Their interests aren’t dormant, waiting to be woken up and nurtured by the perfect summer camp, and these interests are hardly docile enough to be easily corralled onto a well-marked path toward “success.” They unfold with a roving promiscuity that defies the interventions of me or any fable I might read to them. When E spends hours making cubes and cats and fortune tellers and ninja stars out of paper, intricately decorated, or when J proudly shows off her calluses from swinging herself across the monkey bars, I delight in seeing this physical evidence of time well spent, material yet poignantly ephemeral: paper cats get recycled or left out in the rain, and calluses will disappear in the face of kindergarten’s looming letters and numbers.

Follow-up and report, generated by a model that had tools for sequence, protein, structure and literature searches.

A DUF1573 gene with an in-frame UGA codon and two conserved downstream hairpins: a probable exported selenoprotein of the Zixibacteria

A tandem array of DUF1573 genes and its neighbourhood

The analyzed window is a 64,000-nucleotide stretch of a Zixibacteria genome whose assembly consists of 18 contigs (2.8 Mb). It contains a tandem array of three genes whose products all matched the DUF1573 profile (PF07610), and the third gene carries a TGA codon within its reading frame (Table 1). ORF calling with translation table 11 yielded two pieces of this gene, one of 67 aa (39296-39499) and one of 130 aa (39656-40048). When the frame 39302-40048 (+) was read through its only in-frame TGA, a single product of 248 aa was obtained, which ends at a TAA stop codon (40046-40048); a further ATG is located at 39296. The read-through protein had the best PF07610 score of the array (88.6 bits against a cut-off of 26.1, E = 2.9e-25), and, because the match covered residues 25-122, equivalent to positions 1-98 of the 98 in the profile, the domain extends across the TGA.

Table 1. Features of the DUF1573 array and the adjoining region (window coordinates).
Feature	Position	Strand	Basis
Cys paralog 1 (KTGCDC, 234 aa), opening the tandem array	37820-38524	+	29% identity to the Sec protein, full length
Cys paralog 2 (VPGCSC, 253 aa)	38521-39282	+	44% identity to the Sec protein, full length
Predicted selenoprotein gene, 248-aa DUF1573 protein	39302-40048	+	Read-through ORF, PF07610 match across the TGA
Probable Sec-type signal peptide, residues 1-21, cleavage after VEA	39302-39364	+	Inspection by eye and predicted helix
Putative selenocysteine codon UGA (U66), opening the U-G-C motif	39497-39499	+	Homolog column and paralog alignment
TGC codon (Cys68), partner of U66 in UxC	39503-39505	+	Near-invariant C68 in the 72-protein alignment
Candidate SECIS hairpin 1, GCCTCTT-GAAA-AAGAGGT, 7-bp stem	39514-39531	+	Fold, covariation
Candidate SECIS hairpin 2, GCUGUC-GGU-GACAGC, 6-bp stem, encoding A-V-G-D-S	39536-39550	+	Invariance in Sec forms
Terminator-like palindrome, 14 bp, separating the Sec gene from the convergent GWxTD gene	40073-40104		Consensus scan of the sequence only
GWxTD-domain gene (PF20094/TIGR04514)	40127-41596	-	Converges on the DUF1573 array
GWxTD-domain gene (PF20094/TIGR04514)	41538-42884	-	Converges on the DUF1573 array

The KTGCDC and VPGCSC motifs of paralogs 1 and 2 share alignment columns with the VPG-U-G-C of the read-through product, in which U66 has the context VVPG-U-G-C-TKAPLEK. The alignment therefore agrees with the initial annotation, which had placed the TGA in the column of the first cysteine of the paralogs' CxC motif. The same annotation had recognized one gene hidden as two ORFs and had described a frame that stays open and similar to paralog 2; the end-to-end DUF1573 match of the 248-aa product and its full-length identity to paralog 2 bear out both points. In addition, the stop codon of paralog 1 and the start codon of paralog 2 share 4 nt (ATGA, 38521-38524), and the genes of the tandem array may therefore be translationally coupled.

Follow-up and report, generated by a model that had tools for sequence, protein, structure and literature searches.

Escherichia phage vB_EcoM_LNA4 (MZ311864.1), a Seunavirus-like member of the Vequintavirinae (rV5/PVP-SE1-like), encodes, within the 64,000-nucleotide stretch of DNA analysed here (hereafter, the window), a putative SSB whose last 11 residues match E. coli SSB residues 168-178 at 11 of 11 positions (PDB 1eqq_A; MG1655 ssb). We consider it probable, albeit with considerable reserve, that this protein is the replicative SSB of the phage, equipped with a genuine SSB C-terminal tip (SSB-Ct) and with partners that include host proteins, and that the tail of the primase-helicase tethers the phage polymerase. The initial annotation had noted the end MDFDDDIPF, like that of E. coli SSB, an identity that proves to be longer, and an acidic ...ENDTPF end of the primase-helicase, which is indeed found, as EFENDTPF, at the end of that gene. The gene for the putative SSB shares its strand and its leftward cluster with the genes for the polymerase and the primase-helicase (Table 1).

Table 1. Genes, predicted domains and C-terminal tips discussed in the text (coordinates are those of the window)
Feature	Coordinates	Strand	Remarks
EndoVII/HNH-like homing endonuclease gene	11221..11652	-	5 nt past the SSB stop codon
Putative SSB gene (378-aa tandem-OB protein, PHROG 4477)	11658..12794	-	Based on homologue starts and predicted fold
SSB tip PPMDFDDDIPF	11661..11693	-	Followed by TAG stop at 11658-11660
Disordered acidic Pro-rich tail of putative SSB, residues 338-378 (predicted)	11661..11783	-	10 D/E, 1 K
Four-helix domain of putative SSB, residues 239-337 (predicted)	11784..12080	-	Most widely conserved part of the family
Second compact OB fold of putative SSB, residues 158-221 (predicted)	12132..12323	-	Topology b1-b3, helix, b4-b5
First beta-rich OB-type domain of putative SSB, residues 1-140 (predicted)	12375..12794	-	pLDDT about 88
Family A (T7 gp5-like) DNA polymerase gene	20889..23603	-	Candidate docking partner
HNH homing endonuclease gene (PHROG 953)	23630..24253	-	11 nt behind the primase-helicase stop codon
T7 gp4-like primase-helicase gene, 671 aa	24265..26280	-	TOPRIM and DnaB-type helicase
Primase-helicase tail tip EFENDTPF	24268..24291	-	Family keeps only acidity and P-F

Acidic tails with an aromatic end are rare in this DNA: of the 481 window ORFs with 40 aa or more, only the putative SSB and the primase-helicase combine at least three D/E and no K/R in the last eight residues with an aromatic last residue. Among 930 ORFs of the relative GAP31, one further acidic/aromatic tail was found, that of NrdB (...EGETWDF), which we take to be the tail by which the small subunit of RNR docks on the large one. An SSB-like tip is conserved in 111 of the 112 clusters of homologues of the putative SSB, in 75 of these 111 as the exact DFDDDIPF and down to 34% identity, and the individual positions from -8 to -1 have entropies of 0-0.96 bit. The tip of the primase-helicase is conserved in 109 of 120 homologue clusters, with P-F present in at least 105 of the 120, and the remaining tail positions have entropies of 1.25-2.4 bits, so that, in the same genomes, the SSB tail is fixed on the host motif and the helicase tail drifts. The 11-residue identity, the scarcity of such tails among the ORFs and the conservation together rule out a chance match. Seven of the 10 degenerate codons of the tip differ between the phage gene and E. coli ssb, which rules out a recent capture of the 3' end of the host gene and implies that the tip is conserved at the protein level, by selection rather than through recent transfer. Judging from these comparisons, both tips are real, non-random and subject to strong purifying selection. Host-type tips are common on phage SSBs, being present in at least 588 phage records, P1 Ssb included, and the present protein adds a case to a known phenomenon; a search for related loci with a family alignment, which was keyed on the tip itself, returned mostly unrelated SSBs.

Reading fables to kids that warn them about adult problems feels a little like Sesame Street gone wrong: there’s something for adults and something for kids, but what really drives the story is for the adults, and none of it is very funny for anyone. J did laugh at the end of The Missing Piece, but it was the same laugh I’ve heard at other times when her relentless, sunny exuberance confronts the absurd and the puzzling. What is with this strange Circle Guy, her bubbly giggle and scrunched up eyes seemed to say. If I were to put my adult words into her laughing little mouth to explain her puzzlement, I would have her ask: how could anyone be such a stranger to their own desire? Who would roll over the same mistaken-ridden territory again and again, only to return to where he began and begin again? I’ll tell you who, J: adults. Not you–at least, not yet.